A&R also has developed an extensive driver training and onboarding program, and it’s not only driving where the company insists on safety. Drivers performing pretrips on their tractor, trailer and tires also must check their trailer’s bulk cargo equipment, as they are responsible for loading and unloading the variety of loads they haul.
Also, safety gear is required to be worn at all times while handling hoses and transloading material. The company has training silos in Morris and Highlands, Texas, to provide hands-on training for new employees and keep veterans posted on the latest technologies and techniques.
A&R compensates drivers well for the extra hassles of strict hours and safety compliance and bulk hauling demands. Holden says the company’s driver pay ranks in the industry’s top 10 percent.
To improve the efficiency of its day-to-day operations, A&R has upgraded its warehousing and packaging technology across the nation. The company’s railcar facility in San Bernardino, Calif., is staffed by its own rail technicians who track all daily inventories of transloading activities, electronically verifying and physically inspecting the cars to improve productivity and enhance safety.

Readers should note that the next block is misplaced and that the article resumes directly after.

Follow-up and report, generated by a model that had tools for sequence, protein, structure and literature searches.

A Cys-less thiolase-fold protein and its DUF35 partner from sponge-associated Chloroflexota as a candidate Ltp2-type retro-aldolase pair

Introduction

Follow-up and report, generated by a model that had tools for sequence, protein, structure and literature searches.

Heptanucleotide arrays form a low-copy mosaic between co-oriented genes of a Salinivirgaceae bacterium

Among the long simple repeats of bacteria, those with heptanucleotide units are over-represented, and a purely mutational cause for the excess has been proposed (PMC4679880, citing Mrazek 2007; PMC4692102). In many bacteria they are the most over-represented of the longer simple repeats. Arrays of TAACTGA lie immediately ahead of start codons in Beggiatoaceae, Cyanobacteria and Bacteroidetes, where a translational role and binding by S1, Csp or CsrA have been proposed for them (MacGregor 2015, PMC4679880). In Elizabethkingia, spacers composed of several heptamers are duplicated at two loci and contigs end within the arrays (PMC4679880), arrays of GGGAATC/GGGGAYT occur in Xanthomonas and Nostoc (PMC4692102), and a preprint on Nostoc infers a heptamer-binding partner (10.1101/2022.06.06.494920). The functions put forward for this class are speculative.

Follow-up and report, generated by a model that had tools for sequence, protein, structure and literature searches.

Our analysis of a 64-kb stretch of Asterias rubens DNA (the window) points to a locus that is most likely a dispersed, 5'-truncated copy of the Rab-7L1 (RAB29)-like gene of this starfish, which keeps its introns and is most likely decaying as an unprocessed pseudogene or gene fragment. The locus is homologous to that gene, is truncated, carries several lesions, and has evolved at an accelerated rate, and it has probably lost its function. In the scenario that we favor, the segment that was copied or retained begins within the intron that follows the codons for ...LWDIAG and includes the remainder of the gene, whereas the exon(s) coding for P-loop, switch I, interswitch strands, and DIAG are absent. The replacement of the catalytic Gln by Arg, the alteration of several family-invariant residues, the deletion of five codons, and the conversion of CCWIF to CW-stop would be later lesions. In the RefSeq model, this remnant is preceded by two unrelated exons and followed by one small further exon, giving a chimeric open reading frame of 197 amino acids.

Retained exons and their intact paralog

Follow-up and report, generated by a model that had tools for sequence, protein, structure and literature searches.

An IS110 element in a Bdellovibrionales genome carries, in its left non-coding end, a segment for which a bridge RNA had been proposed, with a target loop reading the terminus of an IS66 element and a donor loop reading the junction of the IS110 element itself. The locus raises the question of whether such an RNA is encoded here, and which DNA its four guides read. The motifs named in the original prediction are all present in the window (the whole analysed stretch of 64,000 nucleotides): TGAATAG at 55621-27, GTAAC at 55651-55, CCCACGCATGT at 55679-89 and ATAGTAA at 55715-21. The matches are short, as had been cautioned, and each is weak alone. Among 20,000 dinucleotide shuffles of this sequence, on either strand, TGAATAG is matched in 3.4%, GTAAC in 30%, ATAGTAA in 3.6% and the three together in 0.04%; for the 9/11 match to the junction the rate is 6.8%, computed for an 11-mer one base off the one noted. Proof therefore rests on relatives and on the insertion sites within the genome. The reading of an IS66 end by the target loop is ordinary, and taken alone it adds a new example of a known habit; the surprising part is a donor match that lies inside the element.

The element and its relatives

A&R works with many of the largest dry bulk product producers to educate them on the difference between paper logs and electronic logs; hours-of-service compliance in general and related vicarious liability exposures; and loading and unloading processes for product such as plastic resin, which results in two hours of driver time on each end.
The company logs its actual loading and unloading times and not an industry-held standard, which Holden says is generally about 25 minutes to load and the same time to unload. If a company goes by that standard and is using paper logs, it unofficially gains more than an hour of driving time on each end.